BOSTON -- The Blue Jays' initial lineup for Wednesday's game against the Red Sox included Aaron Hill's name. Manager Cito Gaston felt that a day off would not sit well with the slumping second baseman.

"He's the type of kid that I think if you did that to him, it would hurt him more than help him," Gaston explained. "If I thought it would help him, I certainly would do it."

Shortly before the game began, though, Hill was a late scratch due to tightness in his right hamstring -- the same injury that cost him two weeks on the disabled list in April. Prior to being pulled from the lineup, Hill told reporters that the injury had nothing to do with his recent struggles.

"No," Hill said bluntly.

That may have simply been Hill not willing to use the injury as an excuse.

"I think it's still there a little bit," Gaston said of the injury before the game. "But he hasn't complained about it. But that's him -- just like he wouldnt want out of the lineup."

Through 21 games this season, Hill has hit just .181 with two home runs and six RBIs. The second baseman injured his right hamstring during a diving catch in the ninth inning of an Opening Day loss to the Rangers in Texas. On Toronto's current road trip, Hill has hit just .154 (6-for-39), raising questions about his health.

It has been a drastic drop-off from last season, when Hill enjoyed a breakout campaign by hitting .286 with 36 home runs and 108 RBIs. On Wednesday, Hill was quick to recall his early woes in 2006, when he hit just .186 through May 13, but recovered by posting a .320 average over the final 122 games.

"It was very similar, and that was playing every day," Hill said. "I remember we went to Colorado and I had a couple -- and who knows, maybe my swing was getting there -- but I had a couple broken-bat hits, bloopers here, bloopers there. It's just funny how the game is when something like that can get your confidence rolling."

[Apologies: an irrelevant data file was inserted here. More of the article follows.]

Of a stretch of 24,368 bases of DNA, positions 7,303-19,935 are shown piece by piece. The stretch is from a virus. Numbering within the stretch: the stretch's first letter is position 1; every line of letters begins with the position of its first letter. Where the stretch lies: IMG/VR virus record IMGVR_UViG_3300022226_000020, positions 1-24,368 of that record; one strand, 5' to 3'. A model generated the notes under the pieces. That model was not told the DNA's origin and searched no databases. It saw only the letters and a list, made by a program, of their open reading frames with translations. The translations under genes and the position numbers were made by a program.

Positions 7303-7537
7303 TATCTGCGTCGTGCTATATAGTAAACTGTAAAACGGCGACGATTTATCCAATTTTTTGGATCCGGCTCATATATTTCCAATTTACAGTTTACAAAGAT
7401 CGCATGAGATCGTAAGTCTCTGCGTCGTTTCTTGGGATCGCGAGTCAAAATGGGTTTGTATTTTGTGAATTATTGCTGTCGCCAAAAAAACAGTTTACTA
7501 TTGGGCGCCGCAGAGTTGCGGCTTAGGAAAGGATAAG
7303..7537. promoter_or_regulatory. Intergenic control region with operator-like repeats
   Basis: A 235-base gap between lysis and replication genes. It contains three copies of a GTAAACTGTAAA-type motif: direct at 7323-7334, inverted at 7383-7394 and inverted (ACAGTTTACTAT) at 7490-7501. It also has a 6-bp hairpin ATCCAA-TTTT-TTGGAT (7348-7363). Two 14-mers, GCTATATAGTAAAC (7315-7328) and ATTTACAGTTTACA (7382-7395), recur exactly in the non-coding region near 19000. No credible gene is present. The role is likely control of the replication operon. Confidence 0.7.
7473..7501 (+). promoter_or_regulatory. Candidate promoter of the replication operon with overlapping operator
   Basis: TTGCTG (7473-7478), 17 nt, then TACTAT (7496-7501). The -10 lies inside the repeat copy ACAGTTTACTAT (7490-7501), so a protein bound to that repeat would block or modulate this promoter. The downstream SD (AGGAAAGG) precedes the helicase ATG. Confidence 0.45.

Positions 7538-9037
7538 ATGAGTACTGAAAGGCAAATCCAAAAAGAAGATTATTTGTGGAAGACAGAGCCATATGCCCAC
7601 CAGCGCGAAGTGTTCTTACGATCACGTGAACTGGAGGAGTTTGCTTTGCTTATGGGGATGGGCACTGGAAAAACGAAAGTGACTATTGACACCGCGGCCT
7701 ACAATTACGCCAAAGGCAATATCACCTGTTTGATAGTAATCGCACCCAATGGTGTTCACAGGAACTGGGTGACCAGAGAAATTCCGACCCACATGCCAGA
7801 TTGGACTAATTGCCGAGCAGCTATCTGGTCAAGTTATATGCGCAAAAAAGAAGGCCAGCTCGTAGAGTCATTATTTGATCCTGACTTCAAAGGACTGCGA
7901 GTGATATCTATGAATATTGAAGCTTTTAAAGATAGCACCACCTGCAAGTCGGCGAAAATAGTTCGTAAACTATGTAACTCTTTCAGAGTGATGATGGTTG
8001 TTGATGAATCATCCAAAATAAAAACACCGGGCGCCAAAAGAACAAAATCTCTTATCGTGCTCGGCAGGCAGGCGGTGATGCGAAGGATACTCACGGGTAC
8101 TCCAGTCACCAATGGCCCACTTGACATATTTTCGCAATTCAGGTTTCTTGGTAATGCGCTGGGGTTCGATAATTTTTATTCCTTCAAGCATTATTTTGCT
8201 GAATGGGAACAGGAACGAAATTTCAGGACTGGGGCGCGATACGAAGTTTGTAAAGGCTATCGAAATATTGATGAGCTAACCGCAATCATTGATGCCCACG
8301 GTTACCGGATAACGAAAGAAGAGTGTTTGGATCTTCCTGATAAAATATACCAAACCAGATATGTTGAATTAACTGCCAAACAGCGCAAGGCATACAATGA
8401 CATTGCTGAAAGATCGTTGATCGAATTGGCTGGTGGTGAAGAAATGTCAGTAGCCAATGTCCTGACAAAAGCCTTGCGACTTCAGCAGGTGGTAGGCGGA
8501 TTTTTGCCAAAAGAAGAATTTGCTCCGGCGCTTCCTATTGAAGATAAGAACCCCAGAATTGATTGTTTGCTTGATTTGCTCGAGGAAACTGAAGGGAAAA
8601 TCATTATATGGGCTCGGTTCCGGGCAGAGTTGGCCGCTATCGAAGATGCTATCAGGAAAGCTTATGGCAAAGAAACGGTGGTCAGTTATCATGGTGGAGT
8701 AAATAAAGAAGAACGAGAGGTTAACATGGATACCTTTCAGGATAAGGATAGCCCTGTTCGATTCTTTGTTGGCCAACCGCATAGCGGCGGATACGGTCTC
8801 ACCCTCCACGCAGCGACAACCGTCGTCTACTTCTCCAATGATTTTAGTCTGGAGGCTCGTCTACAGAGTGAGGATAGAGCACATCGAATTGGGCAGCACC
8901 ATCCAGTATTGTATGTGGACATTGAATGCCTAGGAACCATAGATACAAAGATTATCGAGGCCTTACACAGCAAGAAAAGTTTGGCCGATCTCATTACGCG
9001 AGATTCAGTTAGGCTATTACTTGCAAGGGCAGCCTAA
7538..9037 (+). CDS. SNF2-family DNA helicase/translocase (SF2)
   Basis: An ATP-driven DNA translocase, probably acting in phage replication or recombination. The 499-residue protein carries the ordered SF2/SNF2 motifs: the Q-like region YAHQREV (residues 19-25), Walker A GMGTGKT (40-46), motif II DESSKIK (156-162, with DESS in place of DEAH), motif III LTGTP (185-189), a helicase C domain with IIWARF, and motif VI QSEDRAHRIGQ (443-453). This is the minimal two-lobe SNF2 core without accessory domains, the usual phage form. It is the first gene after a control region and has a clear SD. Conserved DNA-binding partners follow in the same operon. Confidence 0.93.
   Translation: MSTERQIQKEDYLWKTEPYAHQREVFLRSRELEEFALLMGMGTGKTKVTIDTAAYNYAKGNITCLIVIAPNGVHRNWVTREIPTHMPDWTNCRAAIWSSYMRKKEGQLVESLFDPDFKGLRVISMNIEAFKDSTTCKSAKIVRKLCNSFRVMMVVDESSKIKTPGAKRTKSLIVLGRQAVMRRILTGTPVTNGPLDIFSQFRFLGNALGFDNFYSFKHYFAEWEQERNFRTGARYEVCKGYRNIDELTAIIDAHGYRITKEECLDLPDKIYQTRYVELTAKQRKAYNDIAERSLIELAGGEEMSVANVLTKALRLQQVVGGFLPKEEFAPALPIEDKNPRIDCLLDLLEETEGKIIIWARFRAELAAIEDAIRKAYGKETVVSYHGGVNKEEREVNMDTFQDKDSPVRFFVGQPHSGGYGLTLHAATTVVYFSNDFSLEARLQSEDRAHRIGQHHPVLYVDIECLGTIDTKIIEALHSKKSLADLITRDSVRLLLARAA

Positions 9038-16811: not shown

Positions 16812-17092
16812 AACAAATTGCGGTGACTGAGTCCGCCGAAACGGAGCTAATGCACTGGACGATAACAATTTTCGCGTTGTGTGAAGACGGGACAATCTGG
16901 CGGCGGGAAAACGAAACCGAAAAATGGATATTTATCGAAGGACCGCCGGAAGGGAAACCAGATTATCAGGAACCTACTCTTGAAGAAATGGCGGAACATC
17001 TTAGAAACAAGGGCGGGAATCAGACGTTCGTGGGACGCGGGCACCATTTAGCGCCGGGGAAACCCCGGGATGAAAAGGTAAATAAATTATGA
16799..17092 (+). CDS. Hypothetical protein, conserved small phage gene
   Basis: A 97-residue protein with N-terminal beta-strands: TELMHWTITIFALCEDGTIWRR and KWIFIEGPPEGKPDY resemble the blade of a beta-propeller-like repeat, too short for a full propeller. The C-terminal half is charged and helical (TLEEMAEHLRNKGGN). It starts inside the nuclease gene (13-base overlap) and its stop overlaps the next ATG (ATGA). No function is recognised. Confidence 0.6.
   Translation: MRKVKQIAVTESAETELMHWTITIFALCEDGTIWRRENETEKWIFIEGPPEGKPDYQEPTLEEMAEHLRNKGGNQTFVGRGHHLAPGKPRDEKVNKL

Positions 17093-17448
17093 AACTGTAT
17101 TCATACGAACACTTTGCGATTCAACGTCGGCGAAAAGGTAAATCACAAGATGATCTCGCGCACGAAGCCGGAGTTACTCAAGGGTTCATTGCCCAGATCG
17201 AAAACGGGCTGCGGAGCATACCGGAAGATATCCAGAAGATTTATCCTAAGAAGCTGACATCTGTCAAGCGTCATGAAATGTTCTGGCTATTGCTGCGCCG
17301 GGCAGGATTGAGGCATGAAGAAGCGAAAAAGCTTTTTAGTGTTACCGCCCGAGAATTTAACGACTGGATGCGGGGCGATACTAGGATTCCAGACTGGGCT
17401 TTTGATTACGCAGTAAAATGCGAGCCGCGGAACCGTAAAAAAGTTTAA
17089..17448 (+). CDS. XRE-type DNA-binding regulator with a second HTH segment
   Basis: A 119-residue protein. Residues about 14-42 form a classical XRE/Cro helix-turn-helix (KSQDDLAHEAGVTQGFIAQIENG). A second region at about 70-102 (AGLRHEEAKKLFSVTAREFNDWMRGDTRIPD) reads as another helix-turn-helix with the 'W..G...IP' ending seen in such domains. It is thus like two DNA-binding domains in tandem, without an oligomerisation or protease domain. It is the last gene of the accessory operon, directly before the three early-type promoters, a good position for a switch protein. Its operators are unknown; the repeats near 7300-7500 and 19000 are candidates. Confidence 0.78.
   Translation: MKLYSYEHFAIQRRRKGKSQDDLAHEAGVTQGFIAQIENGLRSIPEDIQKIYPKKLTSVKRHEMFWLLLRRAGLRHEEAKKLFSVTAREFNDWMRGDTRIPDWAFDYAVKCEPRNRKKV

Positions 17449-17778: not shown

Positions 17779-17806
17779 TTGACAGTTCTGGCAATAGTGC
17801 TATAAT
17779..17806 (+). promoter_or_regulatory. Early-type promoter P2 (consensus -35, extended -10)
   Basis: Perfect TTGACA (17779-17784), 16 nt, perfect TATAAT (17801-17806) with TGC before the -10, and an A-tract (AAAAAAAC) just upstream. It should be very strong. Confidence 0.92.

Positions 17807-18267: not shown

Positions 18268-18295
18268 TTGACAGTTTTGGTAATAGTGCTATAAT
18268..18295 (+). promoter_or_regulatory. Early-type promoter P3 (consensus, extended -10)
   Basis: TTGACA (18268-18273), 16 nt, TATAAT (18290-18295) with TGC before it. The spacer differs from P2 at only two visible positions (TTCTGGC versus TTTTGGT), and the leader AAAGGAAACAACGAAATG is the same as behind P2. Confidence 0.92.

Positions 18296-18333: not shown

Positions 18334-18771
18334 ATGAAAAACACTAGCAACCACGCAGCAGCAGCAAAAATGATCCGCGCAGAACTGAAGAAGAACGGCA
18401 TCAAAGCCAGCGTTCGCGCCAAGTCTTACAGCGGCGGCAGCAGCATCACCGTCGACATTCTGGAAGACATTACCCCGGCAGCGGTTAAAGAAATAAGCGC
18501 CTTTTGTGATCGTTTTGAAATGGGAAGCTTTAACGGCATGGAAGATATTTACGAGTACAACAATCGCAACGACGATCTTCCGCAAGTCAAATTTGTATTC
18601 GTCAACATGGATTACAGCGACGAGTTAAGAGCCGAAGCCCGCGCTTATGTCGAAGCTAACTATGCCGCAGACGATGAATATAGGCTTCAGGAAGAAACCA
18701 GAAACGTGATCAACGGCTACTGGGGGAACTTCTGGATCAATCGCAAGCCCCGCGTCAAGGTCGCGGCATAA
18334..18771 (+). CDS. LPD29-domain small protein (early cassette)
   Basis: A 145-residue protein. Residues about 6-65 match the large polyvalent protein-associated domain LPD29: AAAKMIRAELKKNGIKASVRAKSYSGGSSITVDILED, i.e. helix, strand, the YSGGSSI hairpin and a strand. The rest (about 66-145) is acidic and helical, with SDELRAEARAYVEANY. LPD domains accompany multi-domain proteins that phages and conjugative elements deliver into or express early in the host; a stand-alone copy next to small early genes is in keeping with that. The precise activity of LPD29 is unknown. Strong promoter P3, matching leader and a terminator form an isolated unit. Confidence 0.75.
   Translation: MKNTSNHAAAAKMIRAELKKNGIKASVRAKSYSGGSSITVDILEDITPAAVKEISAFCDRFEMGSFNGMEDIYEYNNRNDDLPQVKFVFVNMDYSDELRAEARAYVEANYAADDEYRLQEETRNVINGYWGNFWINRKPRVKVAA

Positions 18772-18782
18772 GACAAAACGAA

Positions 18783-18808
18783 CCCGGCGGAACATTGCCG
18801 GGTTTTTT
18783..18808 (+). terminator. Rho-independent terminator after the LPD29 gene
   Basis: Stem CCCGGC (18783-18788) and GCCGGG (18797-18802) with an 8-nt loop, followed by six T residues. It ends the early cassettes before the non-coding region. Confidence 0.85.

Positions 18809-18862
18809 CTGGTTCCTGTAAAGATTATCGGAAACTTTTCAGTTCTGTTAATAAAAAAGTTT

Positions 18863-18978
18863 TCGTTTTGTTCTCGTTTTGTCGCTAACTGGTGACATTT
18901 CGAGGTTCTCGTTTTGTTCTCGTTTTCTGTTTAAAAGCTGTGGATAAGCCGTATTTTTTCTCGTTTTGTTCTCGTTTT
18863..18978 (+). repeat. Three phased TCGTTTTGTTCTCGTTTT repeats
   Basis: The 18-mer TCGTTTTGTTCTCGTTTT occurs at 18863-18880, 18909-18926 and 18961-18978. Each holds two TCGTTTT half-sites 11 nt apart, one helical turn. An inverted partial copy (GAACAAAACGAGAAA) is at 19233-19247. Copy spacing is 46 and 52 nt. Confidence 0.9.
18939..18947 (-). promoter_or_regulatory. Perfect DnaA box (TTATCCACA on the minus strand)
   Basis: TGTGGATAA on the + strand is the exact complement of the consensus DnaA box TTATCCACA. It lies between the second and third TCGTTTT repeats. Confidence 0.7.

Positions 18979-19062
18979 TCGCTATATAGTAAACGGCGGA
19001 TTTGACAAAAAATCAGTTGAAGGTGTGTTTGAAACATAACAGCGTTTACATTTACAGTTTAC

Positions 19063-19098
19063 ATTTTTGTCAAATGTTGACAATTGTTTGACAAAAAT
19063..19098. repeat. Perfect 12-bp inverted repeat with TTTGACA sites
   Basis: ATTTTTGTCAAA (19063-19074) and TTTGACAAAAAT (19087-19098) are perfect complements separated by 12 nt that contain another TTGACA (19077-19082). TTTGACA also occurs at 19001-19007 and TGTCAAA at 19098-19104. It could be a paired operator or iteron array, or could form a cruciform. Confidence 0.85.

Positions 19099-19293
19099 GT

Hill also said his current problems at the plate have nothing to do with pitchers approaching him any different than last season.

"I don't think so, because I've had my pitches to hit," Hill said. "I've just missed them. That's the bottom line. Every day I'm getting pitches to hit and I'm just not doing it. I don't have an answer for that. If I did, I would be [getting hits].

"There's nothing different from last year other than I'm just missing balls. There's no excuses. There's nothing that I would change. It's just getting back, getting ready and [the hits] are going to come."

Ruiz gets start to give Lind day off

BOSTON -- The Blue Jays continue to look for ways to get Randy Ruiz into the lineup. On Wednesday, manager Cito Gaston gave Adam Lind a day off against Red Sox knuckleballer Tim Wakefield and handed the designated hitter duties to Ruiz.

Gaston noted last weekend that he wants to work Ruiz into the mix a couple times each week, meaning first baseman Lyle Overbay or Lind could receive more days off. Another option is giving an outfielder a day off and playing Lind in left field during games that Ruiz works as the DH.

"I spoke to [Lind] and Overbay," Gaston said. "I actually said that once in a while I'll give them a day off so I can get Ruiz in there once in a while. It might not be that way all the time."